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Random Variables

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Questions answered in this chapter:

• What are the mean, variance, and standard deviation of a random variable?

In today’s world, the only thing that’s certain is uncertainty. In the next nine chapters, I’ll give you

some powerful techniques that you can use to incorporate uncertainty in business models. The key

building block in modeling uncertainty is understanding how to use random variables.

Any situation whose outcome is uncertain is called an experiment. The value of a random variable

emerges from the (uncertain) outcome of an experiment. For example, tossing a pair of dice is an

experiment, and a random variable might be defined as the sum of the values shown on each die. In

this case, the random variable could assume any of the values 2, 3, and so on, up to 12. As another

example, consider the experiment of selling a new video-game console, for which a random variable

might be defined as the market share for this new product.

A random variable is discrete if it can assume a countable (but usually finite) number of possible

values. Here are some examples of discrete random variables:

• Number of free throws out of 12 that Kevin Durant makes during a basketball game

What are the mean, variance, and standard deviation of a random variable?

In Chapter 42, “Summarizing data by using descriptive statistics,” I discussed the mean, variance,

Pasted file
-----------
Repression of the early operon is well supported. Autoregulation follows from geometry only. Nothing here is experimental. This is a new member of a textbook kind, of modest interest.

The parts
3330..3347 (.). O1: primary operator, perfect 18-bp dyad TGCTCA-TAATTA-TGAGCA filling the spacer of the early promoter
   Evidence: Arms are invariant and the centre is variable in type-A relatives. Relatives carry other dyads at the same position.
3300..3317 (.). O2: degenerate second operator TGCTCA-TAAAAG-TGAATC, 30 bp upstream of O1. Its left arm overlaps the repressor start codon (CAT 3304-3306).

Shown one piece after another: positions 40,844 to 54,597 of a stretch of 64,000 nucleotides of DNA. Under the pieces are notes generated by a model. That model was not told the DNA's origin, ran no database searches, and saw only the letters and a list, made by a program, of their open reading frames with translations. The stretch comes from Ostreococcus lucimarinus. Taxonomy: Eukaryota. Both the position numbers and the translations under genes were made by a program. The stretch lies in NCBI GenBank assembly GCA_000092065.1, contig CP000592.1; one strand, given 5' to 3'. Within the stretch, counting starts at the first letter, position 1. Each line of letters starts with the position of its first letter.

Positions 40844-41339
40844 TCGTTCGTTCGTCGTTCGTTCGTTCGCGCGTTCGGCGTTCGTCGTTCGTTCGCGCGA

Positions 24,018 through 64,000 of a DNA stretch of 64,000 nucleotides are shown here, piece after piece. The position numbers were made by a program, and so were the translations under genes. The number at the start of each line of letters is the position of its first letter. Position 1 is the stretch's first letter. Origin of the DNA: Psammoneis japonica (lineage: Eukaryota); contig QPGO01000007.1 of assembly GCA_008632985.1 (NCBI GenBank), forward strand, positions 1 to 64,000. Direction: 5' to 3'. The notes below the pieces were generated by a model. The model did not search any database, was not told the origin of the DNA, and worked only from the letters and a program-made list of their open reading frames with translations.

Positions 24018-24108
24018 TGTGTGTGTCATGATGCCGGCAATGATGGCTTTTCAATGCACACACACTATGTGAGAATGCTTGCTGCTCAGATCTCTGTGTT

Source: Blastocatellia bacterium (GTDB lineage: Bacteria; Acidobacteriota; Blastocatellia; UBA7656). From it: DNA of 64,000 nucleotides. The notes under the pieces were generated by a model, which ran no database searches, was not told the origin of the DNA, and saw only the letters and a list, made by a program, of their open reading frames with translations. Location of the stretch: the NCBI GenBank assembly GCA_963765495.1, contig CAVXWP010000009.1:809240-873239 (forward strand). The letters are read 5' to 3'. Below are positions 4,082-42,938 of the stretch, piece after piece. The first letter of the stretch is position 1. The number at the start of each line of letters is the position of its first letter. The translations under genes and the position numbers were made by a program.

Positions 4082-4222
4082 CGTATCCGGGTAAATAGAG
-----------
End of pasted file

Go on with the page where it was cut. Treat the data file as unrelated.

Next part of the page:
and standard deviation for a data set. In essence, the mean of a random variable (often denoted by µ)

is the average value of the random variable you would expect if you performed an experiment many

times. The mean of a random variable is often referred to as the random variable’s expected value.

The variance of a random variable (often denoted by s2) is the average value of the squared deviation

from the mean of a random variable that you would expect if you performed an experiment many

times. The standard deviation of a random variable (often denoted by σ) is simply the square root of

its variance. As with data sets, the mean of a random variable is a summary measure for a typical

value of the random variable, whereas the variance and standard deviation measure the spread of

the random variable about its mean.

As an example of how to compute the mean, variance, and standard deviation of a random

variable, suppose you believe that the return on the stock market during the next year is governed by

the following probabilities:

0.30 0 percent

0.02)2+0.30*(–0.20–0.02)2=0.0276

F67xx01